This year, the Summer Solstice falls on 21 June and is the longest day of the year, when there are approximately 17 hours of light and when the sun is at its highest point of the year in the northern hemisphere. The name comes from the Latin solstitium meaning “sun stands still”. It happens because the sun stops heading north at the Tropic of Cancer and then returns back southwards.
In ancient pagan societies the Summer Solstice was hugely significant, it was seen as an important time for fertility, when the harvests of the coming year were blessed. When Christianity entered the pagan areas rather than displace the practices of the old religion it simply incorporated many of them into its own observances under a new name. Because of this, many pagan traditions survive up to the present day. The traditions of the ancients live on in the antics of the revellers even if their original significance has been forgotten.
In pre-Christian Ireland the first fire was lit on the hill of Howth, Co Dublin, and the moment the flame appeared through the darkness a great shout went up from the watchers on all the surrounding hilltops, where other fires were quickly kindled until soon the whole country was ablaze. Midsummer fires still blaze from every hilltop in Ireland on the eve of 23 June, now called in Gaelic, Oidche Tein’ Seaghan (Eha or Eel Chin Shawn), or the “Night of John’s Fire.”
Saint John’s eve is also a favourite fairy season, when the “good people” hold their midnight revels in every green fort. On this night especially the fairies are on watch to carry off careless mortals, particularly, women and infants who are not protected by a sprig of lusmor (foxglove), or some other safeguard against fairy influence. This night is a chosen time for visiting many holy places, especially the numerous wells called after Saint John.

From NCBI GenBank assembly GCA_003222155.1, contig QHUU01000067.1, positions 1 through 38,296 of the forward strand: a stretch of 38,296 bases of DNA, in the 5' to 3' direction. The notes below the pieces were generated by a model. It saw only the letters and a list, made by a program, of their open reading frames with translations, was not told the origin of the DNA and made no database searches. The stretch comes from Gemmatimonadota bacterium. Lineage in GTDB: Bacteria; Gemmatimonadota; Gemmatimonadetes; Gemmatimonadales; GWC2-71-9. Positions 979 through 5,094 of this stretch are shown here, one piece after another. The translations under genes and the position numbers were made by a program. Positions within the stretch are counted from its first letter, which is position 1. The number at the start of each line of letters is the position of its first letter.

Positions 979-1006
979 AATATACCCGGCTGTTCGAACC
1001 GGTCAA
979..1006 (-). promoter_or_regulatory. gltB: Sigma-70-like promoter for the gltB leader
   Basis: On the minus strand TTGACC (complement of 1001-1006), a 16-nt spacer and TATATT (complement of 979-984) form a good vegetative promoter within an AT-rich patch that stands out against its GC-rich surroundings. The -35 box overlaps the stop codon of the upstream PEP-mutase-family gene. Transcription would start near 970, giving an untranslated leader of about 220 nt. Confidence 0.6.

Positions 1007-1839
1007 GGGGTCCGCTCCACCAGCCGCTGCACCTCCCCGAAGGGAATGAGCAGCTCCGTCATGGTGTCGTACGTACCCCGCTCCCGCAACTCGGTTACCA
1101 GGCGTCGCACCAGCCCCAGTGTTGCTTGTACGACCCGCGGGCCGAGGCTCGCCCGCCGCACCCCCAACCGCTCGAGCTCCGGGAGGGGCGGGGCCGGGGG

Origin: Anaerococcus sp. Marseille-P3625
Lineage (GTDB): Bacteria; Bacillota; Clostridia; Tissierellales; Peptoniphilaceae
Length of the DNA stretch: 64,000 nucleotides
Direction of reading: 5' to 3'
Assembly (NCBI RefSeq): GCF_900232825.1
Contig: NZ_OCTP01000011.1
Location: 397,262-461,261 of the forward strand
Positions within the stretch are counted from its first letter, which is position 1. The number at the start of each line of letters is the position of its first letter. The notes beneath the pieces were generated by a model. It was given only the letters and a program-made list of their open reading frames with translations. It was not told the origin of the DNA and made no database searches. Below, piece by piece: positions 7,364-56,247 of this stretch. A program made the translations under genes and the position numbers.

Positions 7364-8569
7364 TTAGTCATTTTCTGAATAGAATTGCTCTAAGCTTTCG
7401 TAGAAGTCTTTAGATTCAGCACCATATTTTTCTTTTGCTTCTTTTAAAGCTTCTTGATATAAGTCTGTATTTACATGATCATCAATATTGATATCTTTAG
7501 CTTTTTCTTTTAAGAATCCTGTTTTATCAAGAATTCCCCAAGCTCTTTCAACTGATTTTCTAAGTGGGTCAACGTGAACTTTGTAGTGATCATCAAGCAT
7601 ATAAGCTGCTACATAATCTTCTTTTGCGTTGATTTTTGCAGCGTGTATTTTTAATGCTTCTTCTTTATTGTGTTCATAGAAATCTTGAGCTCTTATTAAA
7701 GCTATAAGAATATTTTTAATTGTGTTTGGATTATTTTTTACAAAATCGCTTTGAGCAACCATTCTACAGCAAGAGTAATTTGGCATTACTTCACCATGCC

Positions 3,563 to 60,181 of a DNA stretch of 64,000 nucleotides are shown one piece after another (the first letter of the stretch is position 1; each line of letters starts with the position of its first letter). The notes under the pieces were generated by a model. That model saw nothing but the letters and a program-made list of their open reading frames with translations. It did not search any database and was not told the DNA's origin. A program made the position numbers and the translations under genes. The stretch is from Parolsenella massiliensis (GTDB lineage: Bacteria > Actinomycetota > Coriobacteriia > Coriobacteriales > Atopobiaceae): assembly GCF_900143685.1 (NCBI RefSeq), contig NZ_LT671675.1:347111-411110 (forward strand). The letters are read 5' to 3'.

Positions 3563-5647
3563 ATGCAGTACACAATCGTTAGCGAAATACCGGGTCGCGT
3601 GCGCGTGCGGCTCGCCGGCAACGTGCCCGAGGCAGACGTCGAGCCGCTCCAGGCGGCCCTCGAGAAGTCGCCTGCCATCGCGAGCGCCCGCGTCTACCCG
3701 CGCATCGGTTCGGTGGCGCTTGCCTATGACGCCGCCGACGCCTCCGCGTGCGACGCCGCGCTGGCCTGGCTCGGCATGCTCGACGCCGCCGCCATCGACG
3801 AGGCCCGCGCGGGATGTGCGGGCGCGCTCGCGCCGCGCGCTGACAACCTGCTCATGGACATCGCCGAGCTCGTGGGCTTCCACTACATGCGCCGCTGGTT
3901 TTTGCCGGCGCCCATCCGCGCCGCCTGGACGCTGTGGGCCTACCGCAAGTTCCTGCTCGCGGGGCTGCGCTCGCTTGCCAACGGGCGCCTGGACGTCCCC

The following account of the celebration, carried out in the west, as given by Lady Wilde: “The fires are still lighted on St. John’s eve on every hill in Ireland. When the fire has burned down to a red glow, the young men strip to the waist and leap over or through the flames; this is done backwards and forwards several times, and he who braves the greatest blaze is considered the victor over the powers of evil, and is greeted with tremendous applause. When the fire burns still lower, the young girls leap the flame, and those who leap clean over three times, back and forward, will be certain of a speedy marriage and good luck in after-life, with many children. The married women then walk through the lines of the burning embers; and when the fire is nearly burnt and trampled down, the yearling cattle are driven through the hot ashes, and their back is singed with a lighted hazel twig. These hazel rods are kept safely afterwards, being considered of immense power to drive the cattle to and from the watering places. As the fire diminishes the shouting grows fainter, and the song and the dance commence; while the professional story-tellers narrate tales of fairy-land, or of the good old times long ago, when the kings and princes of Ireland dwelt amongst their own people, and there was food to eat and wine to drink for all comers to the feast at the king’s house. When the crowd at length separate, every one carries home a brand from the fire, and great virtue is attached to the lighted brone which is safely carried to the house without breaking or falling to the ground. Many contests also arise amongst the young men, for whoever enters his house first with the sacred fire brings the good luck of the year with him.”
Image | Newgrange sunset, Co Meath